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Lethbridge Herald Newspaper Archives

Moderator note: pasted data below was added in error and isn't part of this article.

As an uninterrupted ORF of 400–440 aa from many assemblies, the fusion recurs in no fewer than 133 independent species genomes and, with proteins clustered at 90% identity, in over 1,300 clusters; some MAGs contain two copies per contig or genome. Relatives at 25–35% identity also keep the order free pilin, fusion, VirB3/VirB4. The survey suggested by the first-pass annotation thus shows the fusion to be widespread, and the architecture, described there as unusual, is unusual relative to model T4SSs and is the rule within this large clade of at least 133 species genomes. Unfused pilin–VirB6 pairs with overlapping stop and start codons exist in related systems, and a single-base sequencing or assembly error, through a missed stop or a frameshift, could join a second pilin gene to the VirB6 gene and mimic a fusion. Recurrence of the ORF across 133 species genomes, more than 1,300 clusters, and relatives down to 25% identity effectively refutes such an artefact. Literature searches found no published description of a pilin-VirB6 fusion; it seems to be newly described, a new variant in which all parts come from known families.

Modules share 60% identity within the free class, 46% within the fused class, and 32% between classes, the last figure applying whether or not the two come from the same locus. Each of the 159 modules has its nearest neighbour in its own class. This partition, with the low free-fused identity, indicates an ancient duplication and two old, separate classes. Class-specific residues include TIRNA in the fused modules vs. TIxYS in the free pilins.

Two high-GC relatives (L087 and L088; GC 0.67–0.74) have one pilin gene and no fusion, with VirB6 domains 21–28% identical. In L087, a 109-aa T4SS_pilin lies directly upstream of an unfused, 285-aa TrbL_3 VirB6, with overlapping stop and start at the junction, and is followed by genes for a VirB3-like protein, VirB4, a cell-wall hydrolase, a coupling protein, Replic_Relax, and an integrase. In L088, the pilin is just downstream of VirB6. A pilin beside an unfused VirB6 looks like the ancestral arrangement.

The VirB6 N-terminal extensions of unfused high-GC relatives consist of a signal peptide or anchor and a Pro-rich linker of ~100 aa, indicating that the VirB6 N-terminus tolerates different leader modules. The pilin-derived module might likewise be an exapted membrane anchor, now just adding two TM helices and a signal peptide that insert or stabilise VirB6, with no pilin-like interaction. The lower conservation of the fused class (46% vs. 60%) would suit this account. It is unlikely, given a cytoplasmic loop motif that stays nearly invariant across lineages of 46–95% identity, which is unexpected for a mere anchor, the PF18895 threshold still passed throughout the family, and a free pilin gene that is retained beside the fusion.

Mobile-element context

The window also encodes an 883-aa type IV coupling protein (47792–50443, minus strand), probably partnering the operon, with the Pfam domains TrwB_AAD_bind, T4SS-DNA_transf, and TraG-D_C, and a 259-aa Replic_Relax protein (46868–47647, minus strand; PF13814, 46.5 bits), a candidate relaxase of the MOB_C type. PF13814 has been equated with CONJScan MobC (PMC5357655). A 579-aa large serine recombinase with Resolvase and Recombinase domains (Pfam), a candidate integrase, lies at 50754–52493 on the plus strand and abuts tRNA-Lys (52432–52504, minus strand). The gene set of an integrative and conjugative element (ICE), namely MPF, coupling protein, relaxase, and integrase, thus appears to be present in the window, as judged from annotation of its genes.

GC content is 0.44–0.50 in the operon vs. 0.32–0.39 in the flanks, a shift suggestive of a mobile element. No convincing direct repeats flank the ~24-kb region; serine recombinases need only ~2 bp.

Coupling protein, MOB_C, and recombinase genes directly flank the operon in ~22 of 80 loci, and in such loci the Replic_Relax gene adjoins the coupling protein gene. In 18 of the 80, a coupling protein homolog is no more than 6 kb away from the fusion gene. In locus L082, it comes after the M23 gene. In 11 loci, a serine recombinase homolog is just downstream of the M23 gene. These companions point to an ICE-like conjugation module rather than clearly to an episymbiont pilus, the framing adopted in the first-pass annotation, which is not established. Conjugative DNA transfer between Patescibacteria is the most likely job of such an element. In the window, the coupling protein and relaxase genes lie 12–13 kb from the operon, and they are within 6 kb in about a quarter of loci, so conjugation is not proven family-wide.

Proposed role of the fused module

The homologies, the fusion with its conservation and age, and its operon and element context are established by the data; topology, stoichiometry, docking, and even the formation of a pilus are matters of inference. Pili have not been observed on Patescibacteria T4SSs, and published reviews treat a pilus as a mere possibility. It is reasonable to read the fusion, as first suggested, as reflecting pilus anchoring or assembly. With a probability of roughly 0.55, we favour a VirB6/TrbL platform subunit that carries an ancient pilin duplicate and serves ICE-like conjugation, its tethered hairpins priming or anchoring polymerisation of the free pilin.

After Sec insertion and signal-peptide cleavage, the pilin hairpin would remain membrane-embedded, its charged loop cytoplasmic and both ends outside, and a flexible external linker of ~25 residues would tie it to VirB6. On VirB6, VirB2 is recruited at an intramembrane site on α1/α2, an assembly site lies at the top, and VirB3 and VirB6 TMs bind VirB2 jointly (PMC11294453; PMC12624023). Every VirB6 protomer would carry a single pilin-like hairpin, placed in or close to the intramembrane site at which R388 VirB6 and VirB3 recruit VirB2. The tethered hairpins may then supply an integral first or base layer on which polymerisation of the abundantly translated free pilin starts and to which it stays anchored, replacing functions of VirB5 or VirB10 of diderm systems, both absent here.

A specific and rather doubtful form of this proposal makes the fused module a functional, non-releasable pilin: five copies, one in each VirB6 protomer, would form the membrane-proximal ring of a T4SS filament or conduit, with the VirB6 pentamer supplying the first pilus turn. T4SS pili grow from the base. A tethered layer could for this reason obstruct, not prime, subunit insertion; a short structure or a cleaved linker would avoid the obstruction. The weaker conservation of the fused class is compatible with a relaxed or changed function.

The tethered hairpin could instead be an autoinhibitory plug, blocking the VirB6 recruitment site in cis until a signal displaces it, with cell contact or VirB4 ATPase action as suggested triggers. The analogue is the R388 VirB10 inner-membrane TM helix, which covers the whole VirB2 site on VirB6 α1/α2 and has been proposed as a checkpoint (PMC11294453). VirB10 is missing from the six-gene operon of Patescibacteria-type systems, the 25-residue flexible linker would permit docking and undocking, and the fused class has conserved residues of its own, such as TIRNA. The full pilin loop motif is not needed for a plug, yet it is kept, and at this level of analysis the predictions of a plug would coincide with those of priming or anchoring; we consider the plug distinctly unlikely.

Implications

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Lethbridge Herald, The (Newspaper) - March 26, 1921, Lethbridge, Alberta LETHBRIDGE, ALUEIITA. SATURDAY, MARCH 26, 1921 Gardiner's Career DEFEATED BY ACT Excel Farmer Named Canudid- ate on Second Ballot at Thursday's Convention CANDIDATE STRONG ON GROUP GOVERNMENT (By a Staff Reporter) MEDICINE HAT, Mar. Gardiner of Excel, was chosen as the standard bearer of the U. P. A. 'Jis-j trlct association In the approaching by-election, late yesterday afternoon. Ho led the next hlshest man, Porrin Baker of Nemlscam, by the large ma- jority of 190. It The first balloting revealed the strength of the candidates. It that Mr. Oardiner, who qualified for the proverbial dark horse the man. Behind him was rolled up the hoary vote from the northern part of the riding. His speech won him many Totes. It was a ringing, vi- gorous effort, but In no Instance did iho candidate loso his sanity and bal- ance. He exhibited a broiulness of vision, a keenness of Intellect and a calmness of temperament that Inspir- ed confidence. The Gardiner Boom "Gardiner's tin swept like u over the convention hall. It was contagious. His followers started an ovation which upread with astonlsli-i ing rapidity. The sensational boom for Gardiner, following his fighting speech, is shown in the first ballot: Rev. Morrow, 18; Baker, 53; Smith, 17; 2Y; Proudfoot 31; Hall- man, 16; CaUi, T, ud Gardiner, 148. The second ballot placed the eandi date away "orer the top." The an- nouncement of Mr. Gardiner's victory in the connnUon wu the signal for a trem'eidous ovation. H was some minutes before the cirmy Boot, wlio had been eo signally honored by bis farmer friends, could speak in accept- ance. It was just a few words that he said, but the very simplicity and ear- nestness o! them sent the crowd wild again as the demonstration surged irom one end of the theatre to other. Candidates Speak The other candidates wore given an opportunity to present their views before the convention and they did no in a very able way. They spoke with unusual .Intelligence and poise. A knowledge of public questions waa exhibited in every speech. The farm- ers' platform was accepted, wholly by all of the candidates, who said that Jf they were chosen they would not deviate from It one iota. It came from the people and wan a solemn mandate. Several of the gentlemen broke with Hon. Mr. Crerar on his policy of 'the open door." "in Alberta we stand four- square with our honored president, Mr. Wood, who insists on making the movement f class movement Onr Identity must not be was how R. A. Parker pat it. He bellevod In (By a Stiff Reporter.) MEDICINE HAT, Mar. ert Gardiner, of ExaM, nominated fast nlaht by the to oen the Midfclm Hat riding In the expwted to take place In June, It farmer of the progrts- echool. He haa made good everything KM umtortaken, which a baala of confidence to his In hie ability to make good at Ottawa vhould he win out. The candidate, who just turned 40 and a burn In Aberdeenshire, Scotland. He ob- tained only a common school edu- cation, but aecured some excellent PuvlniiK training while engaged in Jhs dry goods trade in. London, Sheffield and York. In 1802 he clime to Canada, settling at Indian Head, Seek., where he worked as a farm hand. In 1903 he filed on a homestead near North Battleford, and In 1911 moved to the Excel dis- trict. He three quarter sec- tions of land and is known one of the beet fanners in that coun- try. Hli public career datea back to 1910, when he elected to the municipal council of Meota, Saak., and later to the Qolden Centre council in Alberta. In 1B15 he was elected reeva of this council, a po- eltlcn which he ttllf holds. In Mr. Gardiner was elected vka- preeident of the municipal association of Alberta and Is filling a third term now. He ie alao a member of the Municipal Hall In- surance board. he candidate is a likeable sort of a chip, already tills the report- ers "boys" and tresti them white, an effective speaker, end ap- pears well in a crowd. He ought develope Into a strong candi- date. Displumed With Re- sult of Allied Conference on Financial Aid VIENNA, March (Associated Mayer yesterday outlined to the chief committee of the national assembly tho result of his vis- It to London to ask allied aid for Aus- tha group organization held together by "the cement of common interest." The candidates, on hearifig the re- sults of the balloting, exhibited a loy- al spirit, gracionslr uniting In making the choice of Robert Gardiner unani- mous. Each pledged his support and trla. He warned the committee that it was necessary for Austria to negot- iate a loan as soon us possible. The chancellor said the entente's represen- tatives had notified him Austria must effect internal financial reforms before It could expect outside aid. Preparation of a bill providing for the abolishing of free rationing and substituting graded prices, according to the capacity of the people to pay, has already been directed by the chancellor. The newspapers today reiterated their disapproval of the results of the chancellor's visit to London. The Acht Nhrblatt says Germany is tho only means of salvation for Austria. The Freie Presse urged the govern- Dr. Stanley and Mrs. McKinney Declare no Sinccjrc Effort To Enforce it HON. BOYLE CHALLENGES STANLEY TO INVESTIGATE (Special to the Herald) EDMONTON'. Mar. mem of'the legislature for the Easter holidays was signalized by :i furious debate on the subject of enforcement of the liquor act which throw the en- tire legislature into it foment of speechmaklng. Chnrgea were made by Mrs. L. C. McKinney, (Non-par-i Clareaholm, and by Dr. G. j Stanley, (Opposition High I ftiver, both of them foremost expon-' ents of prohibition in the legislature. that Attorney General J. R. Boyle and i nil department were failing to enforce the liquor act. Hon. Boyle's' Reply In reply Mr. Boyle declared that there were more convictions been obtained under the liquor act in Al- borta during the past year than in any other province. Mr. Doyle, in'a highly defiant mood, challenged Dr. Stanley to summon Commissioner Cuddj; of provincial pollen' and any of the magistrates or other olfl-! clals charged with the enforcement I of tho act ;i committee of tlw house and dispel tho insinuation of i Dr. Stanley that the law had not beuii i enforced by his. department without tear or favor Co any of high or low position, whether poor of wealthy. Dr. J. E. State, Cleanvater. inject- i a note of humorous sanity into the serious debate, when he alleged that tho whole difficulty was due to lailty of public opinion mi the subject prohibition. The liquor act, ho Insisted, would be a good Moham- medan measure but could find little in Chrictianlty. PrentieV Charles Stewart finally put an end to the debato by calling the attention of the house to the fact that it was pre- mature, coming, as it did on a budget tern, that the government would have an announcement to make shortly on the subject "When these amendments come and that full opportunity would be given then for discussion of the entire subject. The premier's Intervention was significant in his reference to "these j p which was taken to mean amendments to the liquor act. It is understood, as heretofore- outlined in these columns. Haven't you something with a bit more kick in It than this Londou. Order Restored in Eisleben and HetUtedt, While Also Reported Seems to Have Attempt at Revolution Well in Hand. IRISH ELECTIONS FOR BOTH PARLIAMENTS TO BE HELD DURING MAY Home Rule Act Comes Into Force April 19 Issue Proclamations Apr. 1 DUBLIN, Mar, day ap- pointed for the preliminaries ne- cessary to bring the home rule" act into ftperntion has been fixed for April 19, both northern and southern', parliaments starting simultanoously. On April ,1 the lord mayor for Ireland will issue proclamations for ;Tie elections under the act which will be held in May both in the north and south. SINN FEIN PLOT LONDON, Mar. dttpatch to the Star from Belfast today says the Authorities there have obtained an Inkling of a Sinn Fein to prevent the establishment and operation of the Ulster par- liament, "The Sinn declared the dispatch, "are determined at all costs to prevent the loyalists making act a Plans had been carefully prepared to kidnap the sheriffs and officers and seize the ballot boxes on the night preceding the elections." Reprisals lr< Westport WKSTPORT, County Mayo, Ireland, March prevailed here early today when crown Eorcea are alleged to have engaged In repris- als for a recent ambush near here. There was continuous gun lire in var- Sous parts of the town for hours. Houses and shops were wreck-; er! by bombs anil furniture and other; efforts were burned. For several days past many persons hare been Bleeping outdoors iu antici- pation trouble. District fourt Judgeship Discussed in House Easter Murders BELFAST. March Easter! season saw no abatement of the blood- shed in Ireland. j John Cathcart. manager of a large was shot dead by civilians who broke into his house early today. "Con- victed spies and Informers beware" manufacturing company in East Cork I successes against the Turkish Nation- j alists in Asia Miuor are 1 the Lshak and Brusa fronts, according to an official tatement issued here. The Greeks, it is declared, are not en- w-as found printed on a paper near his body. Last night a former sergeant-major of the regular British infantry was found shot and badly wounded in a countering much resistance in their advance toward "On says tho statement, "the Greeks continued to advance in t r. the tlshak sector. The enemv, who ed by "throe unknowT personV lentil! driven back Irom employed in the Ballyhiulor intern- ment camp. Two little girls In the vicinity were seriously wounded, pne of whnm died.' A male pedestrian was also wounded. Whippet Tank in Fight BELFAST. March serves ami a whippet tank were call- BERLIN, Mar. 26. Order hat been restored at E n and Hett- stedt, it Is announced by the German government. The rioters at Hett stedt blew up the railroad station, however, before they retired io ilit hill: surrounding the town and set up machine guns, which are reported to be firing at security police in the city. Halle was quiet last night, it was reported, and municipal and utility plants were again in operation. Organizations known as "councils of ac- tion" are being organized at Bitterfeld. Government troopj have not participated in the operatloni of suppressing Communist In Central Germany, it is officially declared, and the work of restoring order has been carried on by Prussian security police and local organi- zations. Red Army of BERLIN, Mar. 25. Advices recall ed tonight from the industrial areai in middle Germany state that the po lice re-captured Eisleben and Hett stadt from the Communists after vie lent fighting. The Communists havi taken possession of large nltrogci works in' Leuna, near Halle, wher' they are reported to have formed i red army of six. thousand. Fight Not Over HALLE, Saiony, March f.eir, forcemeut of the Communist at Mausfeldt and Eisleben was ii progress this morning. Armed work men moving from Halle and vie inity, in the direction of: these tws towns. Their declared purpose wai to .loin their comrades, notably tui party which after many hours of fight Ing had been driven out of Elslebe? by, the security police. According 11 police and purposa 01 j the movement was surrounding o; the police at Biaieben. The fugitives from Eisleben were re organizing today on the hills north east of that town, Communists hen reported. Communists-Defeated OBBRHOEBLINGBN, Prussian Sax ony, Mar. Reports that the Coni munist forces which have been fight ing iu Eisleben against tho securit; police .for. three days had been drivei but of that city, were brought her< Not Encountering Much Opposi- tion in Their Advance on Eski-Shehr ATHENS. March information from both Communist quarters the east of Ushfik. Two hundred of the ene'my were taken prisoners. "In the Brusa sector the enemy was driven from positions east of the and the Greeks occupied a line run- ning through tho villages of euch, Vreisi and DJledjik, about, sixj last night by a dispatch runnel breathless from running the 13 milei which lie between Eisleben and thli little Saion village. They said thai j the Communists were treking acrosi j the fielils, in most part, in good order that the government will brias down j amendments cutting the num- ber of prescriptions that a physician may issue under the liquor-act, and at the flame time may propose the sub- mission o- t. plebiscite to the people providing for either government con- trol of liquor distribution or further amendments for a "bone, dry pro- vince." Dr. Stanley Scores Judiciary One of the features of the debute was a -scathing attack on the entire enforcement of the act by Dr. Stan- ley. who especially scored the judic- iary of the province for not aiding miles (mm the town. The ed upon to restore order yesterday losses have been insignificant." i M Stewart Brings up Ques- j u d -r tion Of Judge McNeill's volvers were used by the rioters and Oenwlf Papoulas commandJf of t'hT A" between Transfer .to Calgary forces on the Smyrna front, bml 0" fc ltlBK hnv" has issued a proclamation to the army callingMinon the Greek soldiers I to exterminate the barbarians and bo-1 come the apostles of Hellenic civiii tion. j ties have been reported. fSpi-cial to the Herald) EDMONTCW. Mar. reforma- tion of the judicial and suhjiidiclal dis- tricts of the province within the next few inojiths forecasted by Attorn- ey-General Hon. .1. u. Boyle In the! legislature Thursday afternoon when' during consideration of estimates. Dr. Stewart. Lethbridge, protested against District Oourt Judge McNeil! being transferred from the Macleod district and no judge appointed to his posi- tion. Mr. Boyle paid he intended shortly Calgary Teachers ____, enforcement of the act in their legal I aftnr the session to have a conference decisions in effect Dr. Stanley, charg-1 with all the district court judges ot May Strike YetjC. P. R, Passenger Train Off Track School Board Will Grant Onlyl One-Third of Request and j Teachers Angry offered to go on the platform in sup- port of his election. Sreak Into Song During the demonstration that broke loose when the results were I known, the delegates took up the of- ficial convention song, composed en- jieclally for occasion by H. W. Gothard, president ..of the Ardenode local. The song has a martial swine and went over big. The chorus is hero given: Steadily march along, the battlo'n I or just commencing, i We fight for aqual rights for one and all, And if united there la nothing now preventing Tho sirons'uoiu of the enemy fall. Our city Wends we gladly too welcome, Then join us in the fight, both and all, ment to concentrate on internal re< forms to obviate foreign control of the revenues. shall will Continued on Page Four. BOY ACCIDENTALLY SHOT TORONTO. Mar. Tupt- ing, nine years old, was shot dead by a companion, Harold Holmes, 15 years uf age, near Leaslde, Ont., yeoterdaj' afternoon as they were returning to their homos in this city after a ahoot- oiyiodition in the country. It is said tha shooting was accidental. An inquest will bo held. B. C, LUMBER MILLS RESUME OPERATIONS (From Our Own Correspondent) PKIRNIB, Mar. planer plant ;of tho Elk Valley Lumber company been running for several days dur- ing the week.. Bast Kootcnay company has resumed opera- tions at the .Taffray and It is prob-1 the body In a wagon and carted' that tbo plant will kept run-, it to the railroad yard's where they left ling throughout the season. it. i Another U.S. Naval Balloon Missing wo Days' Search Fails to Re- veal Missing Five Occupants PBNSACOLA, Fla., Mar. Though discouraged by the failure of their two days search to reveal some trace ot ttif misning craft, naval offi- cers today Jiad not given up hops of finding the lost naval.balloon with its five occupants which has been miss- ing from the air station here since last Tuesday. Airplanes, dirigibles, eagle boats and submarine chasers continu- ed to scour the air and'cost in the vicinity of the place tho balloon was last reported. As the search pro- grossed the belief grew that Chief Quartermaster G. K. Wilkinson and his four companions had succeeded In reaching shore at some isolated place, possibly an island or reel and might not be heard from for days. BOY HELPED MOTHER CLUB STEPFATHER TO DEATH AND CONFESSES OTIAND KAPIDS, Mich., March Caspar Blillg, 14 years old, contested to the police, that ho helped his mother club to death his ed that judges could bo seen reeling 'through hotel corridors under the in- fluence of liquor, and alleged that it waa hopeless to ospect enforcement the province and dictiss tho realign ment ot certain districts to provide for the creation of more suhjudicial centres, and for the more frequent As for Mairieod district, the could of I'ourso act as they thought best in theMiiatter of appointing an- of the act under conditions when the visits of judges to smaller centres, highest in the land wero constantly where lime and expense could be violating it.' Another evidence of the I saved by such trips. general mood of the house on the sub- j Curse of Today's Law ject was a speech by Col. Nelson Spencer, (Opposition Medicine Hat, demanding that the act either he enforced or repealed. Col. Spencer, a prohibitionist himself, prominent in one of the Protestant churches which sets itself most strongly against the use of intoxicants, declared that with- out criticising any particular indivi- dual or department of the govern- ment, or comparing enforcement of the act with conditions in other pro- vinces, there was no doubt ot" its flagrant violation. TJudor these cir- CALGARY. March strike of the public and high school teachers of Calgary, which was believed perman- ently averted, now appearg unavoid- able as a result of developments over the Good Friday holiday. The teachers' alliance had tacitly agreed on Wednesday evening to ac- i cept the suggested fifty-fifty com- e at- j promise, which .would have meant in- torney-Kemral said the Dominion creases totalling f S3. 070, in place of ,n other jud not ailvlss tho provin but for his part he would! at its 'in this, and lianre total of first asked for. The school board salary committee, tacit understanding that would make recoiumen- flmiUconfercnce with the al- Thursday ev- enins, it is snid, frankly admitted that it could not a; datiomi in into respect before a judge adjustments to' ncv was Mr. Boyle said limn noo ree to increases arid greater extent Five or Six Injured in Wreck Near Sintaluta, None Seriously WINNIPEG, Mar. people were hurt .when C.P.R. train No. 62, Moose Jaw to Winnipeg, struck a broken rail two miles west of Sinta- luta at 1.05 a.m. today. The injured are: J. D. Edwards, Winnipeg, hack hurt. Win. Hopkins, Durham, Ont., slight scalp wounds. Laura Linstead. Siutalutu, left arm! hurt. Lenox Linstead, Sintaluta, contus- ion on side. James Rohb, Sintaluta, groin in- jury. Edward Scarlett, Orenfell, bruised. With the exception of Edwards, nnd autos cannot be secured to gti unless the fnll price of the nrn- chine engaged Is deposited. As a con. i sequence of this Interruption ot traf I fle there is a food shortage here. 20 Rioters Killed i BERLIN. Mar. rioterl were killed when the security polici in Eisleben repulsed an attack UPOE tho city hall last night. The polici casualties were two killed and wounded. Sporadic fighting; was reported to day from Hettstedt and Mansfeld Leuna was reported quiet. NO MORE ONTARIO FUEL CONTROLLEF Ontarit government haa abolished the office of Ontario fuel controller from Apr! 9, it is learned at the parliament build ings today. GRANDSON OF FOUNDER OF HAMILTON IS DEAt HAMILTON, Mar. Ham ilton, grandson of the pioneer ii whose honor this city was named aut Jackson would probably be well abb Meeting on Good Friday morning n S -MT1COU; 11K! cxecutiv" auK-jwho was in a sleeper, all the other in act, t.ioio uas as much work east! men tod by several teachers from dif- I'-dmonlnn. whare no jiidlcisl feront sections of the profession cr.- oumstances, tlu.t the unt tro as in tho pressed extreme dissatisfaction with either must he enforced or, if it could not be enforced, repealed. DING HAMPTON PAINTERS TAKE 15 CENT WAGE CUT hridce and .MaclRod districts sil. Mr. LJoyle fully agreed with A. iiomhtii- this offer of the salary comn-itteo anil lhat district court judges passengers wero in the day coach. which as it left the track, toppled and feli over into the ditch. The sleeper also went down the bank. Several should visit smaller centre's more Tuesday, April 5 In the meantime fluently and save loss uf time to wit-1 prominent olh'cials of the alliance de- nesses. "Tlip curse of the law today is its delay." remarked Mr. Ewlng. UIXOIIAMPTOX, N. V., March The union painters of this i-Ry aro th of tho trade organisations to ac- cept a cut in wagos. It was nunuimc- cd today that tbo men had agreed to accept a reduction of in cents an ipur, accepting employment at V.'i cents instead of 90 c-enls. It is believ- id that other reductions will be made voluntarily by the various trades be- fore May 1. 26 ARRESTED FOR THEFT FROM G.T.R. SHRUmiOOKH, Qlie., Mar. Twenty-six of Lisgar, South and Richmond are under ar- stepfather, Joseph Scalblun, last night, rest in connection Then, according to the confession, he systematic pilfering with the recent of freight cars and his brother James, nine years old, on Grand Trunk Railway to the valiiii of J'lil.nnu. Gnoda ranging nil to piiillOfi I he way from WITR taken OIL LEASE DEAL IN N. ALBERTA: NEW YORKER IS BUYER EOMONTON, Mar. big- deal ever put through in Al- berta with oil leases as a basis, was consummated on Wednesday between Robert Tegler, of Ed- rnonton, and 0. H. McCarthy, pre- sident of the Alcan Oil corpora- tion, of New York The amount Involved waa approxi- mately and the area acres. Mr. Tcglcr the vendor and Mr. McCarthy the pur- chaser. Securities and other leas- es, along with a enh payment, constituted the purchase price. The underground In- volved are situated on the east side of the Athabasca rlvir, forty mllei north of Fort McMurray. decided to put the matter up to the cars left the track, three of them general the alliance onlniaining upright. The damage to the i i.... .1.. equipment and track is heavy, as ties and rails are torn up for a hundred. clare a strike cannot be avoided. CANADIAN A DIRECTOR OF BANK OF ENGLANI LONDON, Mar. Rober Peacock, a Canadian business mat with extensive Meiicon and Brasilia i interests, has been nominated a direc tor of the Bank of England. yards. The engine, mail and exprcr; cars passed tha broken rail in safet? and remained on the track. No of the passengers are seriously in jured, according to Sintaluta doctor, who attended them. TORONTO KNIGHTS TEMPLAR BANNER GOES ON LONG VISIT TORONTO, March With a view I to promoting closer fraternal ties be- tween knights of the Order of Ihe Temple in various jurisdictions, the Knights Templar of Cyrenc Precep- tory, this city, yesterday consecrated a heausaent, or banner, which is to go Russian Revolution Is Not Yet Quashed STOCKHOLM. Mar. anti soviet rising is reported to have oc- curred at Kazan, about 550 miles east on a pilgrimage "wherever Knights of Moscow on the Volga, according to Templar are dispersed over the face dispatches received here today. Some of the land and water." The pilgrim-1 of the members of tho eitraordinary age will begin on Monday when the i commission In tho city are to banner will bo escorted to Buffalo. It will bn away seven years before It re- turns to Toronto. It will cover forty- seven jurisdictions in the United States before Kolnft overseas. On the poln ot thn banner will he a gold band npiin which the rbiintlon.i will bn re- corded. have bean killed, ami the commia sion's headquarters burned. Many others have been killed, it in declared. Tho insurgents, the ad- vices state, lire masters of the entire city and vicinity and havo ordered :t genn.ral mobilization In tho district. movements also ure reported. Fight ing in White Russia between sovii! troops and peasants is continuing an< Pskov is said to bo in the hands o the revolutionists. The White Rns slan peasants have been reinforced b: deserters frnm the red guard, the nies sages assert. Another disturbed section is said V he the Minsk region, where coni'lir.t: between soldiers and IniurffentR an reported raging, tho revolutionar; activities far having resulted, It i assorted, in 20 Soviets 'in various piirl ilrlvcn ;